Ian Murdock

Image by Stephen Shankland

Today news arrived that broke my heart, Ian Murdock has passed away. I never met Ian but he had an enormous impact on my life, through his work.

Debian has been my operating system of choice for many years now, it runs on all of my servers and my home computers. Ian’s vision for the operating system is why I started using it and use it to this day. It’s why I’ve continued to work on the operating system and create packages of all of my work for it.

Ian is, without a doubt, one of the biggest influences on my career and on my life.

Farewell sir, you will be missed.

SSHFP records are a defense against people blindly typing ‘yes’ when asked if they want to continue connecting to an SSH host who’s authenticity is unknown.

$ ssh some.host.tld
The authenticity of host 'some.host.tld (123.456.789.10)' can't be established.
ED25519 key fingerprint is 69:76:51:39:a4:c6:de:15:7c:50:4b:4a:a7:98:40:5e.
Are you sure you want to continue connecting (yes/no)?

This prompt is likely to be extremely familiar to you and, most people seem to just type ‘yes’ to move on with their lives, which defeats the whole purpose of this prompt.

If you use DNSSEC you can bypass this prompt entirely by publishing your server’s key fingerprints via DNS and having SSH authenticate them for you.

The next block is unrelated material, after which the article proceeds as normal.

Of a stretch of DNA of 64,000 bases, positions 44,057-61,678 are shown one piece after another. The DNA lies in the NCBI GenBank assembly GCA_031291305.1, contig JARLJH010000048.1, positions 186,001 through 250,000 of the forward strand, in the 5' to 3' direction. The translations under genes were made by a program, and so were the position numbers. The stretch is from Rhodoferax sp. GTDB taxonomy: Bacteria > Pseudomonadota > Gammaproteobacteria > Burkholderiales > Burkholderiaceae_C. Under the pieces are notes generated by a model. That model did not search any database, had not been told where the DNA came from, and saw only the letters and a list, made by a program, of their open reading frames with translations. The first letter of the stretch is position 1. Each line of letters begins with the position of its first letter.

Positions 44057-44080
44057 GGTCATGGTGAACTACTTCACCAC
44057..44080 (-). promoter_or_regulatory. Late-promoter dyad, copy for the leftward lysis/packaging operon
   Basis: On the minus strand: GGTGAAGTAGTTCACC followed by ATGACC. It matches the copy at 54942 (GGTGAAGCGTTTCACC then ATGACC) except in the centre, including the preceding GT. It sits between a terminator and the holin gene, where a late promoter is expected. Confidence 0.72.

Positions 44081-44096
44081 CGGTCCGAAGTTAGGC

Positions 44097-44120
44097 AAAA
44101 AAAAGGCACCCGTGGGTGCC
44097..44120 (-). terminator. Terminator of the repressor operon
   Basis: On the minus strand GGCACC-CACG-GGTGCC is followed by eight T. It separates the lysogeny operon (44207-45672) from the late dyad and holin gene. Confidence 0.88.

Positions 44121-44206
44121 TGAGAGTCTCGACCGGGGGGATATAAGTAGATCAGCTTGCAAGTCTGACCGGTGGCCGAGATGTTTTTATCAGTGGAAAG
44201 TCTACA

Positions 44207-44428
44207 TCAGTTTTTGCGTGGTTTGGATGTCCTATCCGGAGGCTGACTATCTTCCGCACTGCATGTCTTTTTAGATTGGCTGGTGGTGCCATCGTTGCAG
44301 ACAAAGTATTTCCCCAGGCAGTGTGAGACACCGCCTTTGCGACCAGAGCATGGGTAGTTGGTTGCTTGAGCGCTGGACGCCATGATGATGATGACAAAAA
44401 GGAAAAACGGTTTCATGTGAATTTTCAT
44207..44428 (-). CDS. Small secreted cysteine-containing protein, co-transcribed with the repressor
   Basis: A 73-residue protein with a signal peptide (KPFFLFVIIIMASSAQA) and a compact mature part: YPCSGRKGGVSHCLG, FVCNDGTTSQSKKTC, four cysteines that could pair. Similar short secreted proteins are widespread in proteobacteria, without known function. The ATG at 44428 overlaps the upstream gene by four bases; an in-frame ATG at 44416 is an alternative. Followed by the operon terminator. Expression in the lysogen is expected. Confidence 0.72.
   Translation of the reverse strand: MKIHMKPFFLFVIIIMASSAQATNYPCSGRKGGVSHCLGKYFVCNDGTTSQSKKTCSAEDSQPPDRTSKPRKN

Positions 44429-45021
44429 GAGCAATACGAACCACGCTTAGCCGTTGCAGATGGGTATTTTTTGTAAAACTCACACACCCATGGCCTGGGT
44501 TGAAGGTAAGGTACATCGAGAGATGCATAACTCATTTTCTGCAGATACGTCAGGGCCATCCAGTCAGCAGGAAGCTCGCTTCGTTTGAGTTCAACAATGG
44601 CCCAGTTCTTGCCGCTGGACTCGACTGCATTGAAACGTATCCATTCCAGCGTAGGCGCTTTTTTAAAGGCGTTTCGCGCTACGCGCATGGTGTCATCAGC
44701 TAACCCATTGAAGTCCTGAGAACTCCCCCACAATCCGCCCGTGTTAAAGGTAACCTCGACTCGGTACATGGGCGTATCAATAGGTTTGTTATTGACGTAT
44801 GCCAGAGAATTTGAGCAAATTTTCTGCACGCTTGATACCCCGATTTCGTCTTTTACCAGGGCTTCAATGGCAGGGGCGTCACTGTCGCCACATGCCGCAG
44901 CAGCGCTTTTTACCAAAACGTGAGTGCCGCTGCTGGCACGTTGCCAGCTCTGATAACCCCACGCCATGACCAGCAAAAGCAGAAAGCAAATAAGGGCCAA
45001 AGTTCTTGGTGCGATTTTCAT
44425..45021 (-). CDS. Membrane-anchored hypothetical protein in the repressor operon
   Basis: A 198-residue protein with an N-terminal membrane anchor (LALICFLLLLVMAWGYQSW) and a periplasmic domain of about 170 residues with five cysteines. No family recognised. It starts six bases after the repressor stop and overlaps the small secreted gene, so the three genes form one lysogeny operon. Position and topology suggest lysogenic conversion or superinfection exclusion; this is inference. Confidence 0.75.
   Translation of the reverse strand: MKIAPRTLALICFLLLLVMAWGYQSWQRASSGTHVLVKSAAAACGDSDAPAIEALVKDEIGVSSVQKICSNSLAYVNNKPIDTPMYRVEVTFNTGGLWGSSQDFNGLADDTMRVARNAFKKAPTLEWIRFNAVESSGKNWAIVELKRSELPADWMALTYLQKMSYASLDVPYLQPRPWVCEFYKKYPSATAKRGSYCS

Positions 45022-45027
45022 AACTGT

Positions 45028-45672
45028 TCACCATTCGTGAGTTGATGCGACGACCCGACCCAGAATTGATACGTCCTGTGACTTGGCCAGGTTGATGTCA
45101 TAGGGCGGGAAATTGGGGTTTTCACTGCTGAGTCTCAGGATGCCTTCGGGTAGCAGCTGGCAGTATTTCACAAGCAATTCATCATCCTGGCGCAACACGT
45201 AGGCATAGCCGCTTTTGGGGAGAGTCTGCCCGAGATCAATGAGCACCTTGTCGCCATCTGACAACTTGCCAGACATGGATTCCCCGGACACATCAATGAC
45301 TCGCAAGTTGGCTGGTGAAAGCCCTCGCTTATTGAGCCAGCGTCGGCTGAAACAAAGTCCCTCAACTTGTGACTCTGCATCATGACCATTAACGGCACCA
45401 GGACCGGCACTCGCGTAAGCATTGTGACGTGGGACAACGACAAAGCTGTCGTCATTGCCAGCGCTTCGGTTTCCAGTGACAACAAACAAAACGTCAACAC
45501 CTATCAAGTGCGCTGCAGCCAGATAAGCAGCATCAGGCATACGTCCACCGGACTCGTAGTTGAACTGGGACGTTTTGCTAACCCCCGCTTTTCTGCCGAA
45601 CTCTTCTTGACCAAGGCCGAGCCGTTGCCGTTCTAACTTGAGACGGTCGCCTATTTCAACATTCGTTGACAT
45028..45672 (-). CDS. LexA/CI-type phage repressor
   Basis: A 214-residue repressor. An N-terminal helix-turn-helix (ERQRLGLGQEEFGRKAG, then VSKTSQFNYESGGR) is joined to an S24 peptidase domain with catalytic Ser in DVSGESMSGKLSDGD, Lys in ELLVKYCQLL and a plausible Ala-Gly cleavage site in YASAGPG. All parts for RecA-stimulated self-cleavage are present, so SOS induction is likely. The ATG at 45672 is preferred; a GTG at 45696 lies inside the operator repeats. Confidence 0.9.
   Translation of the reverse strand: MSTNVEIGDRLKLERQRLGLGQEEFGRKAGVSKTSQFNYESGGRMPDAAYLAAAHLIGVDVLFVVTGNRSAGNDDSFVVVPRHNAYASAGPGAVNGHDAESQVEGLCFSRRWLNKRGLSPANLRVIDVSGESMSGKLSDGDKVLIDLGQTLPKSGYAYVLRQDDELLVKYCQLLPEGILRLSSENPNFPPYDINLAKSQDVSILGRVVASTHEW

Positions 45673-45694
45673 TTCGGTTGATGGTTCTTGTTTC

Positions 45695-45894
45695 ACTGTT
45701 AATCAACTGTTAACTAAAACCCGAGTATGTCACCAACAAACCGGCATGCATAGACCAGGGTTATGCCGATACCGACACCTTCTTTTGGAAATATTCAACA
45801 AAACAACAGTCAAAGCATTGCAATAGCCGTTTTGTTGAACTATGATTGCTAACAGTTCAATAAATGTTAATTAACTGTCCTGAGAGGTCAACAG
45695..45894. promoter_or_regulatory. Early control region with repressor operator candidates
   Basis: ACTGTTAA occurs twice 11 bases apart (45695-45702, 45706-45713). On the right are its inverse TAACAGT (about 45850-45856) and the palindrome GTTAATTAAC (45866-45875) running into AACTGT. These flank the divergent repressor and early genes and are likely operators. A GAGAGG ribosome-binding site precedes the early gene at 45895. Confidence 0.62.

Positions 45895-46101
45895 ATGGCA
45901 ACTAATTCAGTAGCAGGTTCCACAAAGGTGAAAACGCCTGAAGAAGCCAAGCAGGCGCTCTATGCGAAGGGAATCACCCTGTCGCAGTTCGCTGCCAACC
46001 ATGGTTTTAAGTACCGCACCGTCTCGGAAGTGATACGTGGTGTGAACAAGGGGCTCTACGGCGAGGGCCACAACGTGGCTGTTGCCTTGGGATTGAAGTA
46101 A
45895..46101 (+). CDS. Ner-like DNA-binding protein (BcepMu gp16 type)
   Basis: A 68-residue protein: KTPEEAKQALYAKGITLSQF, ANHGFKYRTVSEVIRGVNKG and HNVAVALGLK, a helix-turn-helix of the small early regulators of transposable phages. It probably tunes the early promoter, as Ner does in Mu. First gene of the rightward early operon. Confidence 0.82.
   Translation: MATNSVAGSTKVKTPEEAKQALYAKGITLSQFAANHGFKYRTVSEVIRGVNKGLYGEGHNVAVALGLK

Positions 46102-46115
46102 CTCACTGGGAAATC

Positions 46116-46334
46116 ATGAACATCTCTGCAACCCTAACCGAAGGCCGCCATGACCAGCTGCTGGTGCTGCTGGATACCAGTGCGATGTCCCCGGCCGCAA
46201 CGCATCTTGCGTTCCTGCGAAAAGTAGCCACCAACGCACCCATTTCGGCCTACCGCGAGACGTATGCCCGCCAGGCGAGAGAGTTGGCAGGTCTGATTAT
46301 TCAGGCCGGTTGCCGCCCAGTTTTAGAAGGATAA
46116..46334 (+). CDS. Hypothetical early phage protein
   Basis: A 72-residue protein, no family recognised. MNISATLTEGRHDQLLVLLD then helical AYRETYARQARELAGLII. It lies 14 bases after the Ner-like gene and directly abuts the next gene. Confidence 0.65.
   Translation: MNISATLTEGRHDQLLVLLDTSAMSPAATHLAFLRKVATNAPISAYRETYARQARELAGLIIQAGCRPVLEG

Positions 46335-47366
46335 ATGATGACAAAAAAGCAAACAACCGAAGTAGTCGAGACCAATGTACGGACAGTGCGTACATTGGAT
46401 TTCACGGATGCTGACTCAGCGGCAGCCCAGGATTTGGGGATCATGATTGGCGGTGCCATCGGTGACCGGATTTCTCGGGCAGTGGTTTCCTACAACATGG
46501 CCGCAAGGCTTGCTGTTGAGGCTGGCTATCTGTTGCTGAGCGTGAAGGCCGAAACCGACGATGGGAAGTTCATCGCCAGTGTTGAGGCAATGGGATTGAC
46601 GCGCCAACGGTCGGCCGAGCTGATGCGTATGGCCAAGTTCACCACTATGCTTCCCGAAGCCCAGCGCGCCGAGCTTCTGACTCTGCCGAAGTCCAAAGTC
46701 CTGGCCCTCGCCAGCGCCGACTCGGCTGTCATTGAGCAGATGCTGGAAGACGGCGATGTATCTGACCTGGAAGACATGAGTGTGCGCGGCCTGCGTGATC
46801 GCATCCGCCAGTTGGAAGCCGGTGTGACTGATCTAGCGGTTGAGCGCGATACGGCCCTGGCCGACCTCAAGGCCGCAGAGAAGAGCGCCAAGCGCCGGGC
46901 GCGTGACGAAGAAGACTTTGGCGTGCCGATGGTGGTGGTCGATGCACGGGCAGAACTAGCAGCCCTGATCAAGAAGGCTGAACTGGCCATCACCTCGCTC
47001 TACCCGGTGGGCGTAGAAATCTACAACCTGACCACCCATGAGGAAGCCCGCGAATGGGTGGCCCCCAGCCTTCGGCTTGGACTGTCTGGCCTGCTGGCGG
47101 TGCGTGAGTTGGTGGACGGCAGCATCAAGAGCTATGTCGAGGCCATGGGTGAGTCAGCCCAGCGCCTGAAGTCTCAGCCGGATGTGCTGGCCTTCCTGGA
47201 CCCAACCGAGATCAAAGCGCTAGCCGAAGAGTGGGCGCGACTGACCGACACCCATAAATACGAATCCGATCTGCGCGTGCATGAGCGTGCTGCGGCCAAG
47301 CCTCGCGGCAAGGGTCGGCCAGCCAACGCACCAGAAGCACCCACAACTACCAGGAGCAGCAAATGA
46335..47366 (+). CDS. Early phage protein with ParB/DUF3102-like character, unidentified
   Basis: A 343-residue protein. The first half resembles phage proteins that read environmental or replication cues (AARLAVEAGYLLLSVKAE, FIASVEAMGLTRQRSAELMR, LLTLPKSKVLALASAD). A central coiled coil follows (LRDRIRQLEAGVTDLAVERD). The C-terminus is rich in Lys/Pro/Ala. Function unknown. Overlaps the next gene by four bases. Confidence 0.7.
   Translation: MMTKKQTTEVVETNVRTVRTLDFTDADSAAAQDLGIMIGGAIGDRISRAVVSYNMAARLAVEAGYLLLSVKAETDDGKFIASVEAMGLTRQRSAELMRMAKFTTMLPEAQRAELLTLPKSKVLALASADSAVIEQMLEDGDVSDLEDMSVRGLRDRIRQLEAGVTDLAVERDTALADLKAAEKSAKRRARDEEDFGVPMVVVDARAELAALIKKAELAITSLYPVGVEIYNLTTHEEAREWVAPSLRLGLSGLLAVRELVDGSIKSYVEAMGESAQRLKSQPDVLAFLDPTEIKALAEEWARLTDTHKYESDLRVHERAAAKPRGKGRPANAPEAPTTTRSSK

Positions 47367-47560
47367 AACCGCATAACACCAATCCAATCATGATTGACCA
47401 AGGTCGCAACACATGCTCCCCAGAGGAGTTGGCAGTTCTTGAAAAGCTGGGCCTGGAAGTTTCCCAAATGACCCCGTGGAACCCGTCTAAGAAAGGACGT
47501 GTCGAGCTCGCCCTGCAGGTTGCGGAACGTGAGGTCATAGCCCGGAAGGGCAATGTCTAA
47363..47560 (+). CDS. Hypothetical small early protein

Generating your SSHFP record

You can get SSH to generate the DNS records for you, log in …

I currently use name.com as my registrar and I use Rage4 because Rage4 are awesome, they also support TLSA and SSHFP records and of course, DNSSEC.

I’m writing this up because I found getting DNSSEC from Rage4 to work with name.com as my registrar was a pain and the name.com support were not very helpful, linking me to a support article that I’d already read and did not help at all.

Rage4

I’m going to assume you’ve already got your records in Rage4, if not, the interface is really easy so you’ll figure it out.

Within the management section for your domain’s zone, there is a menu bar of icons, the icon pictured below enabled DNSSEC.

Enabled DNSSEC

Clicking this will turn on DNSSEC. You will then have a new icon that will allow you to display your DNSSEC information.

Display DNSSEC info

Clicking this icon …

There is a variety of information out there about being a Tor exit node operator. Articles like this one make the thought of running a Tor exit as scary prospect, it’s understandable, some countries have laws that make running an exit scary too.

I run a variety of relays in various countries in this crazy World and thought I’d share my experiences.

Choosing a hosting partner

I personally choose to use a third party hosting provider for my relays, rather than using colocation. I just find this is easier and I don’t have to think about the hardware much at all.

Finding a provider can be a pain, there is a decent list on the Tor wiki. I use some of the providers on this list but I’ve also found it can be a really good idea to just contact a provider and talk to them …

Public Key Pinning is a security feature that tells a web browser to associate a public cryptographic key with a server or servers. When a web browser visits a website for the first time, it will read the HPKP header and store the hashes for the certificates that are provided. Each time the browser then revisits that website, the hash from the provided public key is compared against the stored keys, if the hashes do not match, the web browser should display a warning.